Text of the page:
9

I have two objects: a java.sql.Date and a java.sql.Time.
What is the best way to merge them into single java.util.Date?

In the database those columns are stored separately. I get them by JDBC rs.getDate("Date") and rs.getTime("Time");.

2
  • Why don't you use java.sql.Timestamp to set date and time at once?
    – istovatis
    Oct 15, 2013 at 14:10
  • In database those columns stored separately. I get them by JDBC rs.getDate("Date") and rs.getTime("Time"); Oct 15, 2013 at 14:25

3 Answers 3

6

You can create two Calendar instances. In the first you initialize the date and in the latter the time. You can the extract the time values from the "time" instance and set them to the "date".

  // Construct date and time objects
  Calendar dateCal = Calendar.getInstance();
  dateCal.setTime(date);
  Calendar timeCal = Calendar.getInstance();
  timeCal.setTime(time);

  // Extract the time of the "time" object to the "date"
  dateCal.set(Calendar.HOUR_OF_DAY, timeCal.get(Calendar.HOUR_OF_DAY));
  dateCal.set(Calendar.MINUTE, timeCal.get(Calendar.MINUTE));
  dateCal.set(Calendar.SECOND, timeCal.get(Calendar.SECOND));

  // Get the time value!
  date = dateCal.getTime();
1
4

The answer by istovatis is correct except for not carrying the milliseconds over. I should like to contribute the modern answer. java.sql.Date and java.sql.Time are now long outdated, and their replacements, the LocalDate and LocalTime classes, make your task much simpler. Assuming you are using Java 8 or later and JDBC 4.2 or higher, get those types from your result set and combine them:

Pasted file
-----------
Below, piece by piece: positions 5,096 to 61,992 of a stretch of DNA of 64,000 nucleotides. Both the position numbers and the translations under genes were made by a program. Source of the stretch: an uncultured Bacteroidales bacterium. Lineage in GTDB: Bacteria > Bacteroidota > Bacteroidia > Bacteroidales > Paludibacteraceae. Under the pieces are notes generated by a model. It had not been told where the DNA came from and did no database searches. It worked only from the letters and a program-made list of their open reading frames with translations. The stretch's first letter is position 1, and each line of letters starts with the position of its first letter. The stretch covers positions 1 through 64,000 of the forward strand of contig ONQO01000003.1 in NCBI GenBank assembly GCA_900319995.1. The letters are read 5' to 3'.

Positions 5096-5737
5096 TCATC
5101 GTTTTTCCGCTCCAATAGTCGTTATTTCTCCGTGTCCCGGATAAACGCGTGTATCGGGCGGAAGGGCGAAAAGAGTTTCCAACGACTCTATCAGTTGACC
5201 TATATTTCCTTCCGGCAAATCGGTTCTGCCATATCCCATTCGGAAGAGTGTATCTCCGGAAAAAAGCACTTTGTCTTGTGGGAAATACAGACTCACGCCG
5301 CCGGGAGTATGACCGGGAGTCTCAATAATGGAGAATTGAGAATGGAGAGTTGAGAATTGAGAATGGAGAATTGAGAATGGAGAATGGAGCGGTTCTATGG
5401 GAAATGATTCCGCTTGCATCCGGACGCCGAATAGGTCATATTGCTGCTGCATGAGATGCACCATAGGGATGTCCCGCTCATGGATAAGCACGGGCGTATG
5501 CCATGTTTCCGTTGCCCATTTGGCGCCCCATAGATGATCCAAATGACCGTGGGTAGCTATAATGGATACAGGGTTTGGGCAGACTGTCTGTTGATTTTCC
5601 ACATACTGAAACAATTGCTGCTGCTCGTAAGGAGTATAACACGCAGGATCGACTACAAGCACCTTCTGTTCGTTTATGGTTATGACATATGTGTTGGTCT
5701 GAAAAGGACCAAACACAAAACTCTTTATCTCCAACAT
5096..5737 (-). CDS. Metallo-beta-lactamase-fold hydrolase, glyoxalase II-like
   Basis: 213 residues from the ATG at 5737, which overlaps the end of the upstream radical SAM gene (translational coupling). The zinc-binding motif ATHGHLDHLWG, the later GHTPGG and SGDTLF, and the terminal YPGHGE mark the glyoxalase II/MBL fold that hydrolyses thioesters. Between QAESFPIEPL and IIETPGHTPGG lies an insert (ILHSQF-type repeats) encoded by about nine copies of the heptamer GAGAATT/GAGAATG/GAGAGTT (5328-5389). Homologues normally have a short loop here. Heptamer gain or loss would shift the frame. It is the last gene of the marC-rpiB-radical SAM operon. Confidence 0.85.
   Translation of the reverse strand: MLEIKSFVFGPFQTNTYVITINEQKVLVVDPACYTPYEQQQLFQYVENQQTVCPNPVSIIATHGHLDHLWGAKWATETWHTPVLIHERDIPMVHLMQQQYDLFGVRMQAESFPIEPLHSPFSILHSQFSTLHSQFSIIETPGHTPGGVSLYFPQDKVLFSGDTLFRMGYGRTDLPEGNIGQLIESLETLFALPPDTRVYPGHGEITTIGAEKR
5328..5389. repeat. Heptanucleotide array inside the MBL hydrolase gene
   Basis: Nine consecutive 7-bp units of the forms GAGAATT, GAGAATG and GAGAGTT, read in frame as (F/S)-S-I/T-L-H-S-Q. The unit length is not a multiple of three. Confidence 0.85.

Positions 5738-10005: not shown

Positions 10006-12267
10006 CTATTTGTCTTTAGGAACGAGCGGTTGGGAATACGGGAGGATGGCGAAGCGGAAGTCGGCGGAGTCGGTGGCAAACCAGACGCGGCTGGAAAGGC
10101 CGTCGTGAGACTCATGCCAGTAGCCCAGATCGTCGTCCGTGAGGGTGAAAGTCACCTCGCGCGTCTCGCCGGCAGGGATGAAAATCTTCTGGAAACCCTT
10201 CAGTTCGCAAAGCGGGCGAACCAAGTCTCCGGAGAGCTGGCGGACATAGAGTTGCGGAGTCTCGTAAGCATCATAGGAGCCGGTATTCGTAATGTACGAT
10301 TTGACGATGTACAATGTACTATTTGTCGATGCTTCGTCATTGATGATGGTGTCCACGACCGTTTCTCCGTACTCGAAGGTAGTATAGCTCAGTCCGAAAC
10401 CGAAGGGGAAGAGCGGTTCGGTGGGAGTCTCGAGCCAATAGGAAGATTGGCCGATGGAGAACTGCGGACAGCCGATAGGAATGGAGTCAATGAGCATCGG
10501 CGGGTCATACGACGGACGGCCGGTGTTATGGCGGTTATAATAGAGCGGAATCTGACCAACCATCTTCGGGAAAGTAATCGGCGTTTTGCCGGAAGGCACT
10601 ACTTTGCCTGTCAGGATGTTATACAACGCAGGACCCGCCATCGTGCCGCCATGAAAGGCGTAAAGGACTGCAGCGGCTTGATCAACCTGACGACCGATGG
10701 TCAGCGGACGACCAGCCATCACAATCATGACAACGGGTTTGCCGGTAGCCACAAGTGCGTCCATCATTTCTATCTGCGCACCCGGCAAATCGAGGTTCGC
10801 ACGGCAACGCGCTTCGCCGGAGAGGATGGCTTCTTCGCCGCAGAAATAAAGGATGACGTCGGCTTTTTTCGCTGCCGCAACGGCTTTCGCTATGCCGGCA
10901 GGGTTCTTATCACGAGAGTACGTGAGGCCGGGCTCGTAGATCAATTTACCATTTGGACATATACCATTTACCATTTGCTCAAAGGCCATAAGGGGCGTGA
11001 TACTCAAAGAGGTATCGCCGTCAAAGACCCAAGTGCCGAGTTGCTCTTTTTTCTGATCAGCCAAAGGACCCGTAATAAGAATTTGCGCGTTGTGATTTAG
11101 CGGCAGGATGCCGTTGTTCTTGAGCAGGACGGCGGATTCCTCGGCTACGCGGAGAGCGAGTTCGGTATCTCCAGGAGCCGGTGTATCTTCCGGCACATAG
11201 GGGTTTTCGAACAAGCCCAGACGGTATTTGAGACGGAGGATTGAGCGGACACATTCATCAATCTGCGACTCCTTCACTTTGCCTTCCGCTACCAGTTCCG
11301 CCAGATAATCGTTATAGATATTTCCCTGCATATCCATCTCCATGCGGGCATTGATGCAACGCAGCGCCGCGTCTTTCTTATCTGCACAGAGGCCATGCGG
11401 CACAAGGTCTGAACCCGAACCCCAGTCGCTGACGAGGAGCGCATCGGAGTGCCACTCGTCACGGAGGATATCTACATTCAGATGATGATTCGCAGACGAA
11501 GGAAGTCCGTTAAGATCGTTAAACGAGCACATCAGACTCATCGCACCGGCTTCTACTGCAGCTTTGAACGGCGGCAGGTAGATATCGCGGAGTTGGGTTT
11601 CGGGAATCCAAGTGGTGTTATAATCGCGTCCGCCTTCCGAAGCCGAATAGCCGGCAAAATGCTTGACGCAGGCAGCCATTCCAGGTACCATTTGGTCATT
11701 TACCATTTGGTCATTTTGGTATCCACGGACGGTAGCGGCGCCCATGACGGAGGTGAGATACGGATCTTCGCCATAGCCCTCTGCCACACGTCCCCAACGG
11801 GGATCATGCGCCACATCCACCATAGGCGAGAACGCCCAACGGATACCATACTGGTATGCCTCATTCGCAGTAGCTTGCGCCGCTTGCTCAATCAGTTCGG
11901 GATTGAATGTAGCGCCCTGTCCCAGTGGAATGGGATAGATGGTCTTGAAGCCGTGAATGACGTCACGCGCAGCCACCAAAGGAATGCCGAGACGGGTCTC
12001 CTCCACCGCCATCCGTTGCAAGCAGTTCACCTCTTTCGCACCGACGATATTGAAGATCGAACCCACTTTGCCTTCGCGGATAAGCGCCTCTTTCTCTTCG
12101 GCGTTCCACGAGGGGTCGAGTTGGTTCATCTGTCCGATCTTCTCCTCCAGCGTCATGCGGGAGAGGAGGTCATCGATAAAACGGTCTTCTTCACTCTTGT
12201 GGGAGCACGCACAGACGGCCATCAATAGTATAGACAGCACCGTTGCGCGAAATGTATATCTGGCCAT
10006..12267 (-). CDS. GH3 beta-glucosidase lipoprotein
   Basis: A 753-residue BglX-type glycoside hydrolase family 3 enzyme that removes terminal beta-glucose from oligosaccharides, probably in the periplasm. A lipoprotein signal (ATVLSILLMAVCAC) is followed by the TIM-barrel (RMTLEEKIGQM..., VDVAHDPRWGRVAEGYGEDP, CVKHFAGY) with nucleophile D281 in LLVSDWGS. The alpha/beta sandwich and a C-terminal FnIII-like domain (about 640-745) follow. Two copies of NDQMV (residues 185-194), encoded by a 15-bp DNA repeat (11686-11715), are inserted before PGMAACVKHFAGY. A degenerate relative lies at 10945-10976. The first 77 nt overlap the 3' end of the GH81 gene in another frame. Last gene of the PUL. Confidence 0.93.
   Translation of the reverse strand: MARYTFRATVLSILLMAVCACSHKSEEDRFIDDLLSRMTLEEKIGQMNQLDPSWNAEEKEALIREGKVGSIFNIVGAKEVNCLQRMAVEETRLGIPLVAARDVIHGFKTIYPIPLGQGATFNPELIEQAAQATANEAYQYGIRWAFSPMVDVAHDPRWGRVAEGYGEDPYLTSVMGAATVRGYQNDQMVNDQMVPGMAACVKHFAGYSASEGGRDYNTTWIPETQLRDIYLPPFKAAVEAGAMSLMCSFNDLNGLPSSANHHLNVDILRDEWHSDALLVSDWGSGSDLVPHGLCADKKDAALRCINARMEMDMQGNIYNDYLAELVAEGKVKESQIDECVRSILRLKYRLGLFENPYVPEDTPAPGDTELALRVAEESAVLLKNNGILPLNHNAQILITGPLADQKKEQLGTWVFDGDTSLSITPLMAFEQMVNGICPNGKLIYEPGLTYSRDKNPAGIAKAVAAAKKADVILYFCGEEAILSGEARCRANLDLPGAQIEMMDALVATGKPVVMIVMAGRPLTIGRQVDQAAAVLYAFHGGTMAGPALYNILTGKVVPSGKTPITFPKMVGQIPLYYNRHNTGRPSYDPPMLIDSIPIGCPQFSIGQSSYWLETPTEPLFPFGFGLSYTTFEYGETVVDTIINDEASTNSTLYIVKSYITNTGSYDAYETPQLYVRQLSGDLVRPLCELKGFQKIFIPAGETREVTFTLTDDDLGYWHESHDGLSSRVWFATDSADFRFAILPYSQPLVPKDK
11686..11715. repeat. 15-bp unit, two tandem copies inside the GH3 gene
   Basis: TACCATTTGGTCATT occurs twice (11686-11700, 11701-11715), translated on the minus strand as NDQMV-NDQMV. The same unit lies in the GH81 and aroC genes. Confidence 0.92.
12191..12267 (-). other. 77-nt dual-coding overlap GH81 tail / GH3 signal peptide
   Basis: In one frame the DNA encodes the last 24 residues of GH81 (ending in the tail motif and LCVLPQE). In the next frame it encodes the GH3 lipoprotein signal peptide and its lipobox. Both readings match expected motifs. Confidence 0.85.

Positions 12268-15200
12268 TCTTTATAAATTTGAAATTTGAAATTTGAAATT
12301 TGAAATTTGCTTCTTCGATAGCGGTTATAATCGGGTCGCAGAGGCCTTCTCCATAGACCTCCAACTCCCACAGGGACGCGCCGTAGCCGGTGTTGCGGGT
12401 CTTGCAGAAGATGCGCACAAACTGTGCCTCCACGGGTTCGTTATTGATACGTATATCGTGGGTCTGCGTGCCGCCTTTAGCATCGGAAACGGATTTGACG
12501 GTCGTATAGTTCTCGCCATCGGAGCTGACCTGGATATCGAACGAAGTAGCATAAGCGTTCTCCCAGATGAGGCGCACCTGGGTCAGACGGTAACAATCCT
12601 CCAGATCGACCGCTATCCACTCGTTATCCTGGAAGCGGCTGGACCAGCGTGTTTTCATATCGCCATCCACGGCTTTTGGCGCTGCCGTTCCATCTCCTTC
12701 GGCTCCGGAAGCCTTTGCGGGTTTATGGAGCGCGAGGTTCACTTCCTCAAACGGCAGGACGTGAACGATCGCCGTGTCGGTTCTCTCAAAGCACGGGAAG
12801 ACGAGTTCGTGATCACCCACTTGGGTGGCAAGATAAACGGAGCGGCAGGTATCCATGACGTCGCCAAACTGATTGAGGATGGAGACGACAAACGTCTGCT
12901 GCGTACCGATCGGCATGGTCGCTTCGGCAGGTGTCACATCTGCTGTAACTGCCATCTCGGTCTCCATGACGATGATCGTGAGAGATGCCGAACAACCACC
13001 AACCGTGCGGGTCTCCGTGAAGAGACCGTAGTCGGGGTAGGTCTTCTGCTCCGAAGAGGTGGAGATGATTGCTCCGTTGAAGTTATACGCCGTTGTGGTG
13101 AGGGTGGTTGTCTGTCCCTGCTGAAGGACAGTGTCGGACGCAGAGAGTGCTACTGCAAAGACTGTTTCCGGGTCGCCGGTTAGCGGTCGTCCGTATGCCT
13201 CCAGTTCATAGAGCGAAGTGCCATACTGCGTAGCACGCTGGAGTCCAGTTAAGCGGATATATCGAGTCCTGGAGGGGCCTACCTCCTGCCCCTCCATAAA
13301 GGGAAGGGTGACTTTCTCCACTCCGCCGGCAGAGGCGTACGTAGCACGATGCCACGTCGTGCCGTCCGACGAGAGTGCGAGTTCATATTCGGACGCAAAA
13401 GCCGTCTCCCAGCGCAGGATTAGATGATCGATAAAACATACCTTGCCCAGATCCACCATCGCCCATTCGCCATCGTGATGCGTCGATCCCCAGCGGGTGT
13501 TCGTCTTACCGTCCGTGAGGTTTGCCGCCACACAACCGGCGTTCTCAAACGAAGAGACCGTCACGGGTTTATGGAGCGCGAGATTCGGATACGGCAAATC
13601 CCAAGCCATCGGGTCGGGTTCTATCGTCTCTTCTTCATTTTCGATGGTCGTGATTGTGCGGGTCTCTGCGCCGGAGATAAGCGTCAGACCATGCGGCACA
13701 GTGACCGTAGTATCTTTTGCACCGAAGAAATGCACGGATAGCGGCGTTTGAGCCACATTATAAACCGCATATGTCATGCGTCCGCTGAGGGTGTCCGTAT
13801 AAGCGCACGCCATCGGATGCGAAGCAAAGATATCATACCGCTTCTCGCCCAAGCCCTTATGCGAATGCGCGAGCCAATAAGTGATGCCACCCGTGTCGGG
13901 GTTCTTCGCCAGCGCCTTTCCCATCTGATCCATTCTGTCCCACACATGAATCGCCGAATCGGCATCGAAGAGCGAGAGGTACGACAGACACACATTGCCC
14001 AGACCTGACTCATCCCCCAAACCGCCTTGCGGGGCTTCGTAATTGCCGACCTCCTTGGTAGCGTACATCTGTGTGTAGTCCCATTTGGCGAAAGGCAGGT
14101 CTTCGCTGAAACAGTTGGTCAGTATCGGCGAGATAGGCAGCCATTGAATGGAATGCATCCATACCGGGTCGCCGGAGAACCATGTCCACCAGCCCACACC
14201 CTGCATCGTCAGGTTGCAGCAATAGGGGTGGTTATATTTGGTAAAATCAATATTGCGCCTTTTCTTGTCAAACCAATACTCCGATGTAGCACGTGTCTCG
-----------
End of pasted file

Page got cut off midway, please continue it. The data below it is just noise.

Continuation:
LocalDate date = rs.getObject("Date", LocalDate.class);
    LocalTime time = rs.getObject("Time", LocalTime.class);
    LocalDateTime dateTime = date.atTime(time);

In case you don’t have direct access to your SQL result set and get java.sql.Date and java.sql.Time from some legacy API that you cannot change, I recommend you convert to the modern types and then use the same way of merging:

    LocalDate date = sqlDate.toLocalDate();
    LocalTime time = sqlTime.toLocalTime();

    LocalDateTime dateTime = date.atTime(time);

You asked for a java.util.Date. That class too is long outdated, so it’s better to use the LocalDateTime from the above code (or perhaps convert to ZonedDateTime or Instant, depending on what you will be using it for). If you do need a Date for some other legacy API that you cannot change either, convert like this:

    Instant inst = dateTime.atZone(ZoneId.systemDefault()).toInstant();
    java.util.Date utilDate = java.util.Date.from(inst);

If your legacy API required a Timestamp object, it is even simpler:

    Timestamp ts = Timestamp.valueOf(dateTime);

Link: Oracle tutorial: Date Time explaining how to use java.time.

1

Both have time and day, so you could do something like:

Date d = new Date(2013, 11, 23);
Time t = new Time(23, 45, 45);
d.setMinutes(t.getMinutes());
d.setHours(t.getHours());
d.setSeconds(t.getSeconds());
3
  • 2
    Bear in mind that those methods are deprecated because of very poor implementation of the concept of both Dates and Times.
    – istovatis
    Oct 15, 2013 at 14:13
  • Yes, I know, but if (s)he wants to do precisely that, I guess (s)he already knows it.
    – luanjot
    Oct 15, 2013 at 14:14
  • 1
    Using of deprecated methods is not a best way to do that. Oct 15, 2013 at 14:27

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